With the start of school just one week away, parents should be wary of potential scams and know how to prepare their children for the things they’ll need in class.
Before buying anything, be aware of what items the school requires students to bring.
“This way parents can avoid buying unnecessary items,” as Mike Skinner, Assistant Superintendent of School District 91 (SD91) told Lakes District News.
Lakes District Secondary School (LDSS), for example, doesn’t issue a specific list of required items before classes start.
“If there are stores out there saying this is the Grade 9 list or whatever list, that doesn’t come from us,” said Heidi Grant, LDSS principal.
“The advice that we give for the first few days is that they have a sturdy binder with some dividers, pens and pencils, lined paper, a simple calculator, and shoes and clothes to change into for gym class. Teachers will have specific requirements when kids get their course schedule. They all ask for different things.”
The high school provides locks for the lockers, as well.
School supplies are available for students who can’t get the required items right away, Grant added.
If there are still items that students and their parents feel are necessary, there are a few tips to bear in mind.
If that laptop for university or college – or even high school – students is really deemed important, do some research on brands and warranties and read customer reviews to find the best deals, as the Better Business Bureau (BBB) advised in its Back to School tip sheet.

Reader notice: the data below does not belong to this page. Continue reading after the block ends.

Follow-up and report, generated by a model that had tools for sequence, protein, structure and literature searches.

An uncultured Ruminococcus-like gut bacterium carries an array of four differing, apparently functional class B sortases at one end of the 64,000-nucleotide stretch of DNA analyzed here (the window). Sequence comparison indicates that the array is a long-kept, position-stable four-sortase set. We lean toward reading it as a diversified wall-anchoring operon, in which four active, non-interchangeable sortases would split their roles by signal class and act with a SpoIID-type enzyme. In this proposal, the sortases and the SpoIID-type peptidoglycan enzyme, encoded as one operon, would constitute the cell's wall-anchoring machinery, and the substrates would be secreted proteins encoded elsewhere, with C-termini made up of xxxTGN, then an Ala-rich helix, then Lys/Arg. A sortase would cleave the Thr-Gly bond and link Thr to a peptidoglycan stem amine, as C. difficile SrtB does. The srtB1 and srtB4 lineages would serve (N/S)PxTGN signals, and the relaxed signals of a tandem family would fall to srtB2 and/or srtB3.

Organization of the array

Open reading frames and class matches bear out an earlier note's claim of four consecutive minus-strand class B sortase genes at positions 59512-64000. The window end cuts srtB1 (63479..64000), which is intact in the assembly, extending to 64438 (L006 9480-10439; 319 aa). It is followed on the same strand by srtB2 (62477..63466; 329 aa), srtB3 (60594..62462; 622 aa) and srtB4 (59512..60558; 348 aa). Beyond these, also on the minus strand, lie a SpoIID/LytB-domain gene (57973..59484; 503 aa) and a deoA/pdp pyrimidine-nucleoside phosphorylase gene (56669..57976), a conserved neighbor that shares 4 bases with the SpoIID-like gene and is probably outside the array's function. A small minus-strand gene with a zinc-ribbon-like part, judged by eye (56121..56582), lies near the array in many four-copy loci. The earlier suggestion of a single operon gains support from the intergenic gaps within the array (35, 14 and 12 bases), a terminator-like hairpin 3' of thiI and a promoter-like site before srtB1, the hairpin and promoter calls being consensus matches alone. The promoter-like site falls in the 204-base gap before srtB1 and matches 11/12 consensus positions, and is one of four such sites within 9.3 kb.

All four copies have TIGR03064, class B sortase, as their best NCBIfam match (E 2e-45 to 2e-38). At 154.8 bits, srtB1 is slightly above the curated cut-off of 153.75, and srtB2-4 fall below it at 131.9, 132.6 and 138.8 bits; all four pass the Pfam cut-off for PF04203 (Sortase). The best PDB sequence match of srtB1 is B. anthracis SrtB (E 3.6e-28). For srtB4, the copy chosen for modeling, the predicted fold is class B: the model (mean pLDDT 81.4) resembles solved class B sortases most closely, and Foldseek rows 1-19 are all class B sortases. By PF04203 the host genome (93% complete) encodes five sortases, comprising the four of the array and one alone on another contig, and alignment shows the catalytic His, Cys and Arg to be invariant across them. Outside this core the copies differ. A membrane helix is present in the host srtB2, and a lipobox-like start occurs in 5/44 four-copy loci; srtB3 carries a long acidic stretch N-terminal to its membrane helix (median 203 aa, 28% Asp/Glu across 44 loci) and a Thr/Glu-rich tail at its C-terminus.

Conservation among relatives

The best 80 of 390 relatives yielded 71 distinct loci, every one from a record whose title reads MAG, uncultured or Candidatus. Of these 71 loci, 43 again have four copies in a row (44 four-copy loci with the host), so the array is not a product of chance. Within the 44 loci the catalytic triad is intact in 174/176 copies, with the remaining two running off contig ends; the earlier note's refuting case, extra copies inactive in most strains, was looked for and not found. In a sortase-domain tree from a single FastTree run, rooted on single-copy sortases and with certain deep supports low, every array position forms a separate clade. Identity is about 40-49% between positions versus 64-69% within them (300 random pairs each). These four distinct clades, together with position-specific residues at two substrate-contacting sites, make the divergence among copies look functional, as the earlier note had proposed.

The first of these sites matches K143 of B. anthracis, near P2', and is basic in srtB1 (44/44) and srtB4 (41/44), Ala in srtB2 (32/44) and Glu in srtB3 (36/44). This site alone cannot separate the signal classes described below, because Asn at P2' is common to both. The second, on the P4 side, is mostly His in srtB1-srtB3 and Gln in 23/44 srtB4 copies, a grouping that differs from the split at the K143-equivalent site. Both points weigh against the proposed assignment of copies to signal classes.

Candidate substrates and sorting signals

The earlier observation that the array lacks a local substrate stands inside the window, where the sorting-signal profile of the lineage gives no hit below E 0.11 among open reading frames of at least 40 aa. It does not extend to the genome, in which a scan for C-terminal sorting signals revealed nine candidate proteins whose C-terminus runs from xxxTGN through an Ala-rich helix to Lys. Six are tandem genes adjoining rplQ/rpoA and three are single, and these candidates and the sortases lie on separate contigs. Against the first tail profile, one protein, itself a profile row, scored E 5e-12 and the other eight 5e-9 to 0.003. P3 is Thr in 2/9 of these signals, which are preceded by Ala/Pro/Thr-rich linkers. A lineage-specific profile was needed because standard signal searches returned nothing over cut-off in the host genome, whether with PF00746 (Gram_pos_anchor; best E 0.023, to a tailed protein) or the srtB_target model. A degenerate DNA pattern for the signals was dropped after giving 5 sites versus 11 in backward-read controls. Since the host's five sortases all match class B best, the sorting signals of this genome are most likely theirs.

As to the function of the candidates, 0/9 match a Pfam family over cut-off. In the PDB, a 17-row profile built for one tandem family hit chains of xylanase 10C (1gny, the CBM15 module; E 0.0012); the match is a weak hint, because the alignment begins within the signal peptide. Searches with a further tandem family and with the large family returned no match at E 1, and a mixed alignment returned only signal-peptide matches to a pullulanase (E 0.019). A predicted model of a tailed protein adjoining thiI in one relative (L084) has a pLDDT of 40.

If buying things online, “make sure the URL starts with ‘https’ and includes a lock symbol. The ‘s’ in ‘https’ stands for secure, that way you know your information is being protected,” the BBB said.
Use a credit card instead of a debit card because credit cards give extra protection and it’s easier to dispute fraudulent charges with them.
Make the most of cash-back or rebate offers to save money.
If other parents have the same set of markers, pens or other stationary in mind, buy them together in bulk and split the costs.
“Be extremely wary of any website or store that asks for your child’s personal information in order to access special deals,” the BBB advised.
“A child’s Social Insurance Number (SIN) is valuable to those committing identity theft because it offers a clean, blank slate to create and obtain fraudulent records which can go undetected for several years. If a business asks for their SIN, get more information. Why do they need it and where and how is this information being stored? How long is it being stored and how will it be terminated? Who has access to it?”
The lowest price isn’t always the best option. An unknown website might offer something similar for cheaper, but make sure the site has user reviews and badges for consumer protection agencies.